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Download links and information about Iris by Cirque Du Soleil. This album was released in 2011 and it belongs to New Age, World Music, Theatre/Soundtrack genres. It contains 17 tracks with total duration of 01:07:09 minutes.

Artist: Cirque Du Soleil
Release date: 2011
Genre: New Age, World Music, Theatre/Soundtrack
Tracks: 17
Duration: 01:07:09
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No. Title Length
1. Buster's Big Opening 4:47
2. The Twins 4:58
3. Kiriki Film 1:29
4. Kiriki 5:24
5. Silent Movie 0:51
6. Patterns 4:51
7. Clown Special Effects 1:48
8. Pellicule, Pt. 1 & 2 6:23
9. Snake Women 4:20
10. Movie Studio 7:03
11. The Broom 1:17
12. Flying Scarlett 4:43
13. Old Toys 0:45
14. Film Noir / Pursuit 3:34
15. Rooftops 4:55
16. Scarlett Balancing 5:09
17. IRIS Finale and Bows 4:52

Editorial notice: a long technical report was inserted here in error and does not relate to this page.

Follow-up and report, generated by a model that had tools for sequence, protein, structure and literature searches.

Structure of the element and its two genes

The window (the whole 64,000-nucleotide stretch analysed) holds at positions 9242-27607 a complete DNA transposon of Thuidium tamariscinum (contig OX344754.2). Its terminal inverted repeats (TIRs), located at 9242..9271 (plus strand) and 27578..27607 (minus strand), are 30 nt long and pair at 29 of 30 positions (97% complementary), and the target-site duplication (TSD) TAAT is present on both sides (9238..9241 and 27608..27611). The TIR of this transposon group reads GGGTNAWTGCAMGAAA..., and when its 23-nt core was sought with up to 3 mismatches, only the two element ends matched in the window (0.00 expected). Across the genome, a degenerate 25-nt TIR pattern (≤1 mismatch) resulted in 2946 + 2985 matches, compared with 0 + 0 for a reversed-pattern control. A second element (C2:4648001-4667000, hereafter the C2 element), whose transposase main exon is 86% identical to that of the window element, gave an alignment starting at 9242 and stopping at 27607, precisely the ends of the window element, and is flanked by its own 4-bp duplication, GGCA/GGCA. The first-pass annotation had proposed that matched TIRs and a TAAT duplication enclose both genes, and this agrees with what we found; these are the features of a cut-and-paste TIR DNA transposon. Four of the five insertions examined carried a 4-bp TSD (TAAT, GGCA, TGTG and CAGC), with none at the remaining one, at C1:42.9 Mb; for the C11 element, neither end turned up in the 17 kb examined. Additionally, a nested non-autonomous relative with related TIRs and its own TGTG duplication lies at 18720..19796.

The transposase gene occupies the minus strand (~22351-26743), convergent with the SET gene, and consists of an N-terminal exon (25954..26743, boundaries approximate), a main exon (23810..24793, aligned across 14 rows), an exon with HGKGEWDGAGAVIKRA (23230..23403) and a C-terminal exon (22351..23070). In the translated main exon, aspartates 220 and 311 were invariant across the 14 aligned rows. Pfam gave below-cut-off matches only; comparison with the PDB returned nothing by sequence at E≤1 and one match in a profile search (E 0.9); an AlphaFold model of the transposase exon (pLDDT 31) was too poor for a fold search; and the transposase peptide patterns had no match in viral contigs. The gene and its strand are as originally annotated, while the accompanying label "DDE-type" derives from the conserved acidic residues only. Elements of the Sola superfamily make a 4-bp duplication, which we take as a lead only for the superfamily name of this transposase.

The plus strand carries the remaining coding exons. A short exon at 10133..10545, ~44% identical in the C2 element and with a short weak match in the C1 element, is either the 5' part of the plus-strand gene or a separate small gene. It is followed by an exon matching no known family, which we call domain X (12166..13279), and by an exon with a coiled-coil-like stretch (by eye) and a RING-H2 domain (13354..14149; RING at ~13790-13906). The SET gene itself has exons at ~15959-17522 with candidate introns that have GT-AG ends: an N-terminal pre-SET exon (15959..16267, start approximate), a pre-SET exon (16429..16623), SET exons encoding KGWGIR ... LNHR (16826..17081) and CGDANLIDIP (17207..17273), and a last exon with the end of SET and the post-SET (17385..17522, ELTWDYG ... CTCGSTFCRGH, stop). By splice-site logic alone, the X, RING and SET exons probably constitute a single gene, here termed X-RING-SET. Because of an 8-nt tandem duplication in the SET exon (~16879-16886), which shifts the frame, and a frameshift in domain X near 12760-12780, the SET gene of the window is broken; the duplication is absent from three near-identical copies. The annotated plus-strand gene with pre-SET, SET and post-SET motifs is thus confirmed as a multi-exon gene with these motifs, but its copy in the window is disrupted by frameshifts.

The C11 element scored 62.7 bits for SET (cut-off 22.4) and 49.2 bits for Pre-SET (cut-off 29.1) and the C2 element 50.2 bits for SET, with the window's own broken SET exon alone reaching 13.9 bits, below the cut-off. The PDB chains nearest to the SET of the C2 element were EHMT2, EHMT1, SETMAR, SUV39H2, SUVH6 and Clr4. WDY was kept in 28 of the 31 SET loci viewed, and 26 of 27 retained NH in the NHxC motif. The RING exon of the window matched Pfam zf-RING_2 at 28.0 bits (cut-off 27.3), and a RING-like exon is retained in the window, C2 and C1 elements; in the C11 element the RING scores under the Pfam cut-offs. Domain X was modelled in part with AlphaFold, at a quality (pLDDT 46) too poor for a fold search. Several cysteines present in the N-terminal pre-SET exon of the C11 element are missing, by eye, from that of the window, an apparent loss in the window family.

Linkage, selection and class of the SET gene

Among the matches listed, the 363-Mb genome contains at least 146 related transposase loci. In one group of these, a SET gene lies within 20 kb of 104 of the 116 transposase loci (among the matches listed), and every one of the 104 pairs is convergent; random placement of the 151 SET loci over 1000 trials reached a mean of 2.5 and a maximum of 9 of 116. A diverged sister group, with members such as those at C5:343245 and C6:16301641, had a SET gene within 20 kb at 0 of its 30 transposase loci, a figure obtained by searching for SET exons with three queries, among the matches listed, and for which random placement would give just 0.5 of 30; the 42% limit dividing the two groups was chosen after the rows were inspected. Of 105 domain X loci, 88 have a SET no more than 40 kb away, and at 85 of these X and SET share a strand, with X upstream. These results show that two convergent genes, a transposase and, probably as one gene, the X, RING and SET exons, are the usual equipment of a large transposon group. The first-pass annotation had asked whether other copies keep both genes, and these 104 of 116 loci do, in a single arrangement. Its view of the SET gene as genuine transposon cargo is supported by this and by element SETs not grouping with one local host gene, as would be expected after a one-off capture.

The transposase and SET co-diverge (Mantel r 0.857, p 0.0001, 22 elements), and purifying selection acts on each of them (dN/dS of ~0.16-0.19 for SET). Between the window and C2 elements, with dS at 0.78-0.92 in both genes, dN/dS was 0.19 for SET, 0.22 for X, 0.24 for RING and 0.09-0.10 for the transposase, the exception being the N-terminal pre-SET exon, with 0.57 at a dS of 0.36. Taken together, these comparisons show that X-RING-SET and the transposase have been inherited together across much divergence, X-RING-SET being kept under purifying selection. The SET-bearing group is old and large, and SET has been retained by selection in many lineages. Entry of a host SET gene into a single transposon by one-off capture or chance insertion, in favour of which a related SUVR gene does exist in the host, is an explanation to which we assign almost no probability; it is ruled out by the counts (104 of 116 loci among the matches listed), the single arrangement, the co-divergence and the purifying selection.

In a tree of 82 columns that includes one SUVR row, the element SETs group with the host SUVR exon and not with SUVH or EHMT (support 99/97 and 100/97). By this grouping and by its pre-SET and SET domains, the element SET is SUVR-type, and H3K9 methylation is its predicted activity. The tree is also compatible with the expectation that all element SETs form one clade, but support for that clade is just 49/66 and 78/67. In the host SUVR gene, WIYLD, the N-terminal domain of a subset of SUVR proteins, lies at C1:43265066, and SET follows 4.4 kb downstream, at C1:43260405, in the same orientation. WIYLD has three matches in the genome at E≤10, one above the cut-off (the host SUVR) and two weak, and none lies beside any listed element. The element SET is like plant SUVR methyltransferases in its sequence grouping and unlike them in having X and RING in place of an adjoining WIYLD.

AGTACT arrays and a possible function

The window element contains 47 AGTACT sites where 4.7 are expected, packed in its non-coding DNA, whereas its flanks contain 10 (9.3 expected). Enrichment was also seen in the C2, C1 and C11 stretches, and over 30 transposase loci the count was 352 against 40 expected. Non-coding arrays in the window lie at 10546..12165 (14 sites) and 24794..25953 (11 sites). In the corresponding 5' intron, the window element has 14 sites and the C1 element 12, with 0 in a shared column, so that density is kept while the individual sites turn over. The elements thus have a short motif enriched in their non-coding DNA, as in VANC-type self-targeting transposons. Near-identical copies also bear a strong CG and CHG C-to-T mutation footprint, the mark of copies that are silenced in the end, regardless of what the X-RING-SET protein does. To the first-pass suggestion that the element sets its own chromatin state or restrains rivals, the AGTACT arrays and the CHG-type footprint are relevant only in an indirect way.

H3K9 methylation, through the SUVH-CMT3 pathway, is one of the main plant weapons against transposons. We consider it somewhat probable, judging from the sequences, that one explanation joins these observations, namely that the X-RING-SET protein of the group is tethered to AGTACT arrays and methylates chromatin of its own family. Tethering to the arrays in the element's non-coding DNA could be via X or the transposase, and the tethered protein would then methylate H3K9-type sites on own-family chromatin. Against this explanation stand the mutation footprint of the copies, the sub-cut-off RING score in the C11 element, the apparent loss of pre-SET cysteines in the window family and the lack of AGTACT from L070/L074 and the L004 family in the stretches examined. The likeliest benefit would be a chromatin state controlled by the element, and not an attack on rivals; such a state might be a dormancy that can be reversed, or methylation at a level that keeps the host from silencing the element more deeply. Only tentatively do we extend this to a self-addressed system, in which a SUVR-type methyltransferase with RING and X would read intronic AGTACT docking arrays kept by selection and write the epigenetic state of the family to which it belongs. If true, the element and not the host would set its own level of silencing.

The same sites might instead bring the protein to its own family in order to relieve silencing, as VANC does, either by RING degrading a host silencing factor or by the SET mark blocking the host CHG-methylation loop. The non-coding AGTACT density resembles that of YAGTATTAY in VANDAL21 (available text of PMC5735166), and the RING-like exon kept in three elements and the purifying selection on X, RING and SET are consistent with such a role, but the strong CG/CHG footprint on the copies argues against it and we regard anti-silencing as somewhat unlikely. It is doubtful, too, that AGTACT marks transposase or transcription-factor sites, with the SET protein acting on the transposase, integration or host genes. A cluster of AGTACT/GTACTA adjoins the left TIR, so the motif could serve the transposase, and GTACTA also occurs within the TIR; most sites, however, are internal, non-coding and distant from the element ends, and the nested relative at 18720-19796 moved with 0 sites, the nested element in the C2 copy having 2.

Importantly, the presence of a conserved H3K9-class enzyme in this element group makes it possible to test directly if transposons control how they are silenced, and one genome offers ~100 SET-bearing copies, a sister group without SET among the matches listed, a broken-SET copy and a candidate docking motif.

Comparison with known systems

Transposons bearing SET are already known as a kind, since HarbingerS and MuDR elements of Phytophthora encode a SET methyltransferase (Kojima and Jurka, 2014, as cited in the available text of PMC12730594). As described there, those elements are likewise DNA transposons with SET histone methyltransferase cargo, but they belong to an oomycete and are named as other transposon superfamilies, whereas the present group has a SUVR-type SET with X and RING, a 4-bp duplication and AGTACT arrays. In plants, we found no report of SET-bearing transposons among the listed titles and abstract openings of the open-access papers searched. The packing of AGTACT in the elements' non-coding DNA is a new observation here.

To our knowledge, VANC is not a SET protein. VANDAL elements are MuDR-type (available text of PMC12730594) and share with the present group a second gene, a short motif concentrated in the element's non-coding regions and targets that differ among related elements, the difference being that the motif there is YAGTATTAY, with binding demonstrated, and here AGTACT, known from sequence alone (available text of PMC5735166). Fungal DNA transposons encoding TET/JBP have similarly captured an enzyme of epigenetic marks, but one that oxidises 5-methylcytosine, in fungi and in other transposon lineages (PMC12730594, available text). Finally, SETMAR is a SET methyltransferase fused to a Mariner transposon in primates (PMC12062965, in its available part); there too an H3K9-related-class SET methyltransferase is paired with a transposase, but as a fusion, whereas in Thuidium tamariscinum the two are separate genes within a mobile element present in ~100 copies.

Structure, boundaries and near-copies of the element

It's the iris of a camera that Cirque du Soleil has in mind in the title of a show staged at the Kodak Theatre in Los Angeles (where they hold the Academy Awards) and devoted to the movies. Appropriately, the organization has gone out and hired a prominent film composer to write the show's score, and it's hard to imagine a more complementary one than Danny Elfman, who is known for his zany, manic work for the visually imaginative and somewhat arch director Tim Burton. Given the Hollywood theme, it's no surprise that this is one of the less exotic scores done for a Cirque presentation; Elfman does lean toward the exotic slightly on "Snake Women," in a nod to cinema's more adventurous aspects, but this is far from world music. The show has a "history of the movies" theme that allows the composer to provide his versions of the kind of Keystone Kops comedy of the early silents, notably in the fast-paced "Kinki Film" cue. Elfman also dips into the big-band swing style of braying horns and pounding percussion here and there, including in "Buster's Big Opening" and "Movie Studio." But both of those cues are extended suites that feature several different sections so that, just as in a film score, Elfman is accompanying quickly changing visual action. Late in the show, the story has moved on into the 1930s and ‘40s with "Film Noir/Pursuit," and the music has mysterious and late-night jazzy elements, followed by "Rooftops," which provides identifiable chase rhythms. This is thus an unusual score for Cirque as the organization continues to expand its horizons and partner with established artists, blending its identity and providing a new outlet for a composer who has made his mark in Hollywood and whose music listeners will recognize in this stage extravaganza.